History. Legacy. A reminder.
These words describe the Arlington Heritage Memorial Grounds, said Rich Stoglin, chaplain and fundraising committee chairman.
“We cannot erase history,” Stoglin said. “History reminds us of the past and hopefully inspires us to do better in the present so we can prepare for the future.”
Originally home to three cemeteries — the Mill Branch Cemetery, Middleton Tate Johnson Family Cemetery and the Arlington Colored Cemetery — the memorial grounds are now all under the same name, said Geraldine Mills, Arlington Historical Society director.
Now, the cemetery is going through renovations that began on Feb. 22, 2019. A fence placed around the grounds and headstones are being repaired and cleaned as part of the first wave of renovations, Mills said.
A parking lot, columned gate and walkway are in the next wave of renovations, Stoglin said. The entire renovation is projected to be completed by June.
The memorial grounds are home to 108 marked graves and 33 unmarked graves, he said. Among the buried are people of various races, ages and descent.
Middleton Tate Johnson, the father of Tarrant County, plantation and slave owner is buried in the memorial grounds as are slave descendants, Mills said.
Johnson was originally buried at the Texas State Cemetery, but, the Masons, a fraternity Johnson was a part of, felt he belonged with his buried family members in Arlington, according to a previous Shorthorn article.
Congressman Ron Wright said Johnson being buried in the same grounds as slave descendants makes the cemetery special and historic, he said.
The Arlington Colored Cemetery was the first place in Arlington where African American families could legally bury their family members, Stoglin said. They would be charged $20 per burial, which is now about $20,000.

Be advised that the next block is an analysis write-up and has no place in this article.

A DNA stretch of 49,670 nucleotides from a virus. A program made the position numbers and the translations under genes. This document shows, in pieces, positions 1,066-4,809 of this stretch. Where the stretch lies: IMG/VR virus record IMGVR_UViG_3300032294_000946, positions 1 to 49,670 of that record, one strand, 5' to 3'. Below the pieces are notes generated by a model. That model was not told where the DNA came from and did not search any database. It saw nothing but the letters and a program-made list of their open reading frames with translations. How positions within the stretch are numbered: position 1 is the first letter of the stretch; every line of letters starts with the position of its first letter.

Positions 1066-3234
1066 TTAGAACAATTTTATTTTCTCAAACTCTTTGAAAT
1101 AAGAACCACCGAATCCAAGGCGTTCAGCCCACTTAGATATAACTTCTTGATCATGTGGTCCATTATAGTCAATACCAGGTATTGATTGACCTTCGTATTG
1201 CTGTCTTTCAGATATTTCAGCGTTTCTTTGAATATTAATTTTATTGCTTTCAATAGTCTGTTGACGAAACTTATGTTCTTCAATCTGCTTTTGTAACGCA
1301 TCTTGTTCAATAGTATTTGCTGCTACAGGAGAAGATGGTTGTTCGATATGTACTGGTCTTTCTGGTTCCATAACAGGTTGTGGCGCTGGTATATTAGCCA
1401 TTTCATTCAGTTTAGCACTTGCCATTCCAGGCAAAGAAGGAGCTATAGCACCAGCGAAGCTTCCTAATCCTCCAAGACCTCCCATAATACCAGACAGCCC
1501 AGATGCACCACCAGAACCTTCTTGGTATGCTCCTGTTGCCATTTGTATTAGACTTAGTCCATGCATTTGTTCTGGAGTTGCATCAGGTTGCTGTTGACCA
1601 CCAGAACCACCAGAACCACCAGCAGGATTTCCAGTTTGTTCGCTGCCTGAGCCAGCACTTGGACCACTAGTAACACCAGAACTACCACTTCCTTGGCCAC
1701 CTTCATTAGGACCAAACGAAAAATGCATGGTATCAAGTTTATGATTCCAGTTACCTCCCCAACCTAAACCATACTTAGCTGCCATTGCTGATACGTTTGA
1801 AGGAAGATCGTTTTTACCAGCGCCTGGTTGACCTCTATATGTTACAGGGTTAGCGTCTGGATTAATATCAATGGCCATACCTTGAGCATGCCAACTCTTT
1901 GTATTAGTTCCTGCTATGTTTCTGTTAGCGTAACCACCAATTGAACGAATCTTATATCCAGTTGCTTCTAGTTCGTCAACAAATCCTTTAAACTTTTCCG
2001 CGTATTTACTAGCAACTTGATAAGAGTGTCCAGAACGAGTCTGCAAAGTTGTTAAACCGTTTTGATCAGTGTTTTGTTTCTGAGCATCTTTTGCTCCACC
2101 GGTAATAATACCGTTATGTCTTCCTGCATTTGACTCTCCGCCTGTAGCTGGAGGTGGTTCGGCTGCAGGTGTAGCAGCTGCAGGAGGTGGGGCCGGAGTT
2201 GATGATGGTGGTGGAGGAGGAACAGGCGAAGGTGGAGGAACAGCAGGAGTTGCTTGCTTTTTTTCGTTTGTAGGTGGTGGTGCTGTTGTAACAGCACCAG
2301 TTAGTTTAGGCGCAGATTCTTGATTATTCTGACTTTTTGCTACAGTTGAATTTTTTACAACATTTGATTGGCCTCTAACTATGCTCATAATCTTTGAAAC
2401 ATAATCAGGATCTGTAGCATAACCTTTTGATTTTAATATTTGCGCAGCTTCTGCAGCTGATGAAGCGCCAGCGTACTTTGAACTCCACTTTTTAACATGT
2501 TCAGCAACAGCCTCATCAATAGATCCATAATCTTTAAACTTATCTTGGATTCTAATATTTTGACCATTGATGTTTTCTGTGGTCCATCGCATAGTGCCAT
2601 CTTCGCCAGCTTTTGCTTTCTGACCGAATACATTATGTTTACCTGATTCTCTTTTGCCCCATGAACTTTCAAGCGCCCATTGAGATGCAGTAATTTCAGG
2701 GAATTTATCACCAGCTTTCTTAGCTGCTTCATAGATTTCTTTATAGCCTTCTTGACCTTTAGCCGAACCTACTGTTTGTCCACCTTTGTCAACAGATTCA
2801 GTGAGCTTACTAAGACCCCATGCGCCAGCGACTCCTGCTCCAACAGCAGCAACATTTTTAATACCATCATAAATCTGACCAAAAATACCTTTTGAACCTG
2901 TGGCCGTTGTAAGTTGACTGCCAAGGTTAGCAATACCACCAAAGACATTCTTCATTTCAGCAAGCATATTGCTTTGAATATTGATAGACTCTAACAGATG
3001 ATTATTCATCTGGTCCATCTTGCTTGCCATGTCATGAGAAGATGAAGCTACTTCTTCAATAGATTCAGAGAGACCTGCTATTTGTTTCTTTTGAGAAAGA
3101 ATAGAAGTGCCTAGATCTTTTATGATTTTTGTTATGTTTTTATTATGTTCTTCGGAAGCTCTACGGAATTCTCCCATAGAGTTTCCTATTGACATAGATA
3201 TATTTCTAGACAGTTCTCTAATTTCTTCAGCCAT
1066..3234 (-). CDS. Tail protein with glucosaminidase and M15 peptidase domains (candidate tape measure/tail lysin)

The earliest identified burial at the colored cemetery was in 1916 and had plots purchasable until the 1950s, according to the memorial grounds website.
The people buried there were the pioneers of Arlington, Stoglin said.
Mills said knowing the history of where a person or place has come from is beneficial to one’s future and is something that shouldn’t fade away.
These people helped shape the foundation of the city, she said.
As part of Black History Month festivities, a recitation of names will be said of the buried ones at the “Speak their Name and they shall live Again” event on Feb. 23, Stoglin said. This will allow the lessons of their lives to move forward.
The lessons reflect on people today and how they can learn and strive to be better, he said.
“These people through their hard work and whose shoulders we stand on, have provided us opportunities to accomplish,” he said.
It won’t just be the African American’s names being read off, but the names of all who were buried, including the unknown names, Stoglin said. Even though they are unknown, they will be read off as “33 unknown names.”
The names will be read altogether and not segregated into sections, he said.
“We want all those names, known and unknown to be remembered as we go forward,” Stoglin said. “We owe them a huge debt of gratitude.”
Council member Victoria Farrar-Myers said it’s a difficult history to discuss but it is necessary to talk about in a neutral way to determine what happened and why.
“History will repeat itself if you don’t understand it,” she said.
Farrar-Myers said she hopes the renovations bring more people to the cemetery so they can hear the stories of the ones passed.
“It’s more than a fence, it’s more than the brick and mortar stuff,” she said. “It’s about really telling the story and about educating people about who we are and where we come from.”
Mills said she too hopes more people will stop by when the renovations are finished and learn these lessons. She said it’s an interesting part of history, but serves as a reminder.
“It’s important to remember that those things did happen,” she said.“Just like remembering the Holocaust. That’s not a story somebody made up.”